Eastbourne, a seaside town which is along the coast from Hastings and Brighton, has four notable bronze public statues from the period covered by these pages, and some interesting work in the Towner Art Gallery and the church of St Mary the Virgin.
The town was developed as a resort by the William Earl of Burlington, afterwards seventh Duke of Devonshire. The London-Brighton and South Coast Railway was extended to Eastbourne in 1849, the Burlington Hotel was put up there in 1851, and the town was laid out mostly in the 1860s and 1870s. Much of the building was supervised by the civil engineer Ambrose Wallis, agent of the 7th Duke.
The Seventh Duke of Devonshire, by Goscombe John.
Our first statue, then, is that of the 7th Duke of Devonshire, situated in Devonshire Place, where it meets Grand Parade. It is the work of the prolific sculptor William Goscombe John, and was unveiled in 1901. The Duke is shown seated, wearing the robe of the Chancellor of Cambridge University. A characterful portrait, heavy, a bit careworn, bushy in the eyebrow and with the enlarged ears of age, this is one of Goscombe John's best portraits, to my eye.
Also in Devonshire Place we may note a statue, painted white over probably concrete, of St Luke, a modern work, draped Byzantine-style (see bottom of page).
The Eighth Duke of Devonshire, by Alfred Drury.
Our second statue is The 8th Duke of Devonshire, Spencer Compton, who was Mayor of Eastbourne just before the turn of the century, also has a statue in the town, opposite the Grand Hotel by King Edward Parade. The sculptor is Alfred Drury, and the statue was put up in 1910. Again wearing the apparel of Chancellor of Cambridge University - there would seem to have been some degree of hereditariness to the position - the subject is standing, with the hem of the robe angled backwards to emphasise the steeple shape of the composition when viewed in profile.
Eastbourne War Memorial, by H. C. Fehr.
The pick of the public statues is however H. C. Fehrís War Memorial, placed on the roundabout at the end of Devonshire Place. A superb work by one of the masters of New Sculpture, the Angel of Victory stands atop a small globe surrounded with wreaths, wings upraised, as if just descended from on high. In one hand she holds a wreath, in the other a downward pointing sword to make the sign of the cross. Her diaphanous robes, almost a chiton, emphasise the soft curves of her torso and legs; her face is wreathed in the short hair characteristic of 1908, for although this is a work of 1920, it is utterly in the spirit of the art nouveau period. The figure is archetypical, and there are several copies of it across the country - see the Fehr page. Note the little details around the base - winged cherubic heads and spiky dolphins.
For our fourth bronze statue, in Cavendish Place is the Royal Sussex Memorial, a further work by Goscombe John, dating from 1906, with a figure of a soldier, and two plaques below showing soldiers at war.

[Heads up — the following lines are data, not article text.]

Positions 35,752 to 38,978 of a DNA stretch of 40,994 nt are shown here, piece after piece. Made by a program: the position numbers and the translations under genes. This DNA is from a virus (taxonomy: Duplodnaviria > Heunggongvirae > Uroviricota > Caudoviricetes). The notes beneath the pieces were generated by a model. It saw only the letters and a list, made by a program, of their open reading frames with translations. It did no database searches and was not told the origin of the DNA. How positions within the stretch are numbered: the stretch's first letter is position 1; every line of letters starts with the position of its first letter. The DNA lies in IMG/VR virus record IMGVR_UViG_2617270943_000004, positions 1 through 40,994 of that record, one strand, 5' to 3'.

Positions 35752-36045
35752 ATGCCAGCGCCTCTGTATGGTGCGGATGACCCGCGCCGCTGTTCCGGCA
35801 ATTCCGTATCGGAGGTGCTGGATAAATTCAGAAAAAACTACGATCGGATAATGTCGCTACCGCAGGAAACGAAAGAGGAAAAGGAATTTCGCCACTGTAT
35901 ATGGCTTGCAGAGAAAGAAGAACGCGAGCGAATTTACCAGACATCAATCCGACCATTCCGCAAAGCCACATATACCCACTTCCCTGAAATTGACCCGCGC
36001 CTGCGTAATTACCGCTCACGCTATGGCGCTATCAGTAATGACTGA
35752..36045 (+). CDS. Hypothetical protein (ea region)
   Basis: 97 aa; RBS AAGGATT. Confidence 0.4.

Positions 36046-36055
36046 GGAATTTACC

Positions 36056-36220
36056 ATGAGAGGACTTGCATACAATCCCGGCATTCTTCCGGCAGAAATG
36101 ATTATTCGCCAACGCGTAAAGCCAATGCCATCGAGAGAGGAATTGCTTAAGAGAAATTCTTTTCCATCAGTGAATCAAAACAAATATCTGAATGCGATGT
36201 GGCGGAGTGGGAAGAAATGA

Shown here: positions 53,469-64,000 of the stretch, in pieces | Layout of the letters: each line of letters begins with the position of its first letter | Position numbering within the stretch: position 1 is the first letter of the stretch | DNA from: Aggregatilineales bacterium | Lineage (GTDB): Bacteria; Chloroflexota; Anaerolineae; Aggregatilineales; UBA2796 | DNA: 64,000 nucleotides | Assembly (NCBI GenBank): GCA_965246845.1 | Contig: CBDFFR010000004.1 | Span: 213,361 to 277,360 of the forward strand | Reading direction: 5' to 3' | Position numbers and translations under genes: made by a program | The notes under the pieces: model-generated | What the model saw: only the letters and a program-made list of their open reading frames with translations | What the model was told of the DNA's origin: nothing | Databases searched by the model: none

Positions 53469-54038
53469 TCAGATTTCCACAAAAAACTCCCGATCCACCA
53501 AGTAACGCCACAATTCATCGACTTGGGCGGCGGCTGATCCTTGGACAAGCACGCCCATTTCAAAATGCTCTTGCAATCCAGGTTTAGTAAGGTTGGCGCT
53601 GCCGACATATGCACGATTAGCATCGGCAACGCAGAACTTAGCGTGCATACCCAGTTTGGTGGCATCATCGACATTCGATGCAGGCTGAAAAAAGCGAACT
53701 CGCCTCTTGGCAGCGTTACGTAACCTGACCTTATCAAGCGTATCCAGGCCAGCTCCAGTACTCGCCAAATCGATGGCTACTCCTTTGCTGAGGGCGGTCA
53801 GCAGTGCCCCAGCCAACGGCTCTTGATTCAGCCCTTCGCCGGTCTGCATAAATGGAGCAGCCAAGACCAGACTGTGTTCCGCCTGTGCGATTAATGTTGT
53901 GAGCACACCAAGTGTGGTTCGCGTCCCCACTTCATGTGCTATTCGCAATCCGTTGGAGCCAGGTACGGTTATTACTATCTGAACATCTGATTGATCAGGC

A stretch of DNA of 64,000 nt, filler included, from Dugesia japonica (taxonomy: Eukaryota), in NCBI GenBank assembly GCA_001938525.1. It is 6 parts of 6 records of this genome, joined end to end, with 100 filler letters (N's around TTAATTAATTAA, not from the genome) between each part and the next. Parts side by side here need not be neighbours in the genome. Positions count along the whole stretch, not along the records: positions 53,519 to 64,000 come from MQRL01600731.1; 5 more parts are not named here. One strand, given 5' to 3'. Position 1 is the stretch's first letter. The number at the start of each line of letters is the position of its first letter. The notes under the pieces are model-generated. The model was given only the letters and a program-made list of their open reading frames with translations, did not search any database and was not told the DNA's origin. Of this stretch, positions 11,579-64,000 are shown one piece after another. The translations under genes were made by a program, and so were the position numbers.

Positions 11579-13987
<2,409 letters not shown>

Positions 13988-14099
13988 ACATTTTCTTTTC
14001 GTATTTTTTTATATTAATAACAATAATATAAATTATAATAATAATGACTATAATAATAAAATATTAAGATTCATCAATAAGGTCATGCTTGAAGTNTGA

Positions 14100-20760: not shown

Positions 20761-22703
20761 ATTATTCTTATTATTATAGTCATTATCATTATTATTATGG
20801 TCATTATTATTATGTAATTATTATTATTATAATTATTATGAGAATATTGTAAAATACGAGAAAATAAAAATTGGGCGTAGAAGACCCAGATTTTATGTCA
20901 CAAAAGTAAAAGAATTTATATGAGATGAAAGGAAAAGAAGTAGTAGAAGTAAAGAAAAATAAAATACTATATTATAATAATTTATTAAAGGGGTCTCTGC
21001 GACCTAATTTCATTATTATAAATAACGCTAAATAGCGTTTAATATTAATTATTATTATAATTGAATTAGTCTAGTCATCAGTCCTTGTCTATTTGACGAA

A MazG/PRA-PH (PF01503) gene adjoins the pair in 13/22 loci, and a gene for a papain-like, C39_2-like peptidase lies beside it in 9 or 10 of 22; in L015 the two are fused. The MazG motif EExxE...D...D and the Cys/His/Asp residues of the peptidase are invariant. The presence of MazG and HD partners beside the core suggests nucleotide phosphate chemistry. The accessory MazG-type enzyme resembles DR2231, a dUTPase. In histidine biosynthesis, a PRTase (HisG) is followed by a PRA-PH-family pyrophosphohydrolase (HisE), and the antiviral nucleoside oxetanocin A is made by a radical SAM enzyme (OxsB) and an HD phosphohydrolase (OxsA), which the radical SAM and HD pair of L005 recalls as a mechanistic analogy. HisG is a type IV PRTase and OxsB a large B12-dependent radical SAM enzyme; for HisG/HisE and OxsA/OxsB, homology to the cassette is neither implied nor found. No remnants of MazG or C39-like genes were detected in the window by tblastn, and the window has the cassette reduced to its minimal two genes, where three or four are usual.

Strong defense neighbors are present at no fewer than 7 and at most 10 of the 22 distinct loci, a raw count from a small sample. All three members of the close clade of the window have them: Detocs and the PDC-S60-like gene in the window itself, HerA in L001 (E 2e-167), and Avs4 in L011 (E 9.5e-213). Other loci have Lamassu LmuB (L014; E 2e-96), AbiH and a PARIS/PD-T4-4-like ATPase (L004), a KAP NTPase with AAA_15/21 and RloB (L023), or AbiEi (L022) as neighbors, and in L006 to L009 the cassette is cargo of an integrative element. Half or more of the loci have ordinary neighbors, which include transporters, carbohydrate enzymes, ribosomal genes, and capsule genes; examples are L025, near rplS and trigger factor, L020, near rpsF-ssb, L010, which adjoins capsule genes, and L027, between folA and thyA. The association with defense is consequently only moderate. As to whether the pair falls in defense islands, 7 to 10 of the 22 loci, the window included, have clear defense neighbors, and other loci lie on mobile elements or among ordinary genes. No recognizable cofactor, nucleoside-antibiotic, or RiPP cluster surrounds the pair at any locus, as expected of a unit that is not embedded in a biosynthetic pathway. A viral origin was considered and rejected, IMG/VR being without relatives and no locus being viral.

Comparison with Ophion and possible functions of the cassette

The Towner Art Gallery has an interesting collection of Victorian art by mainly minor genre painters. John Chisholm Towner (1840-1920) was a local benefactor who, on his death, left a score of paintings from his private collection, and £5000 for building an art gallery, to the people of Eastbourne. In the event, the local council purchased an 18th Century manor house, once the home of the Revd Henry Lushington and his wife, Mary Lushington, and converted this to form the art gallery. It was opened as the Towner Art Gallery in 1923.
The collection includes a bust of a Veiled Lady by Giovanni Battista Lombardi, dating from 1869. This is a well-developed example of a minor Italian genre of sculpture aiming to show thin, diaphanous fabric over face and body, popularised in Britain by Giovanni Fontana.
The paintings of the original Towner Bequest, which have all been on seemingly permanent display when I have visited, include several by well-known artists, including Frederick Goodall, W. J. Mueller, T. S. Cooper, J. F. Herring Sr, Thomas Bush Hardy, David Murray, James Orrock and William Strutt. The local history exhibits include portraits of the Lushingtons, and a room devoted to the war artist Eric Ravilious.
The dark, atmospheric Parish Church contains several minor monuments, most notably a marble bust of Robert Lushington, noted above as original owner of the building which became the Towner Art Gallery. An accomplished work, Classical baroque, attributed to the sculptor Robert Taylor. We may also note the large wall plaque to Katharina Burton, with two little reclining angels, somewhat awkwardly posed, among other decoration, a smaller plaque to a naval hero, William Hector Rason, d 1859, with below, an elegant bust in relief of an angel carrying a shield. Also a monument to James Ranking, d 1827, with a small relief of a ship in full sail (for more ship sculpture, see this page), and a plaque to Revd. Alexander Brodie, Vicar, d1828, with a typical Aladdin-style lamp and other conventional detail. Interesting carving on the pulpit, including a winged lion and a winged bull, thus representing the Apostles, and stained glass, most notably some early 20th century arts and crafts panels with glowing colours.
Eastbourne Pier, by E. Birch.
The pier is a well preserved or restored example of the work of E. Birch, with pavilions with little spiked domes and curved roofs.
The old centre has well preserved Victorian and Edwardian streets, with a main feature being the Town Hall, by the architect W. T. Foulkes, a Queen Anne-style pile with a distinctive tower bearing an onion shaped dome.
St Luke, Devonshire Place.
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Sculpture pages // Sculpture in English towns // Hastings
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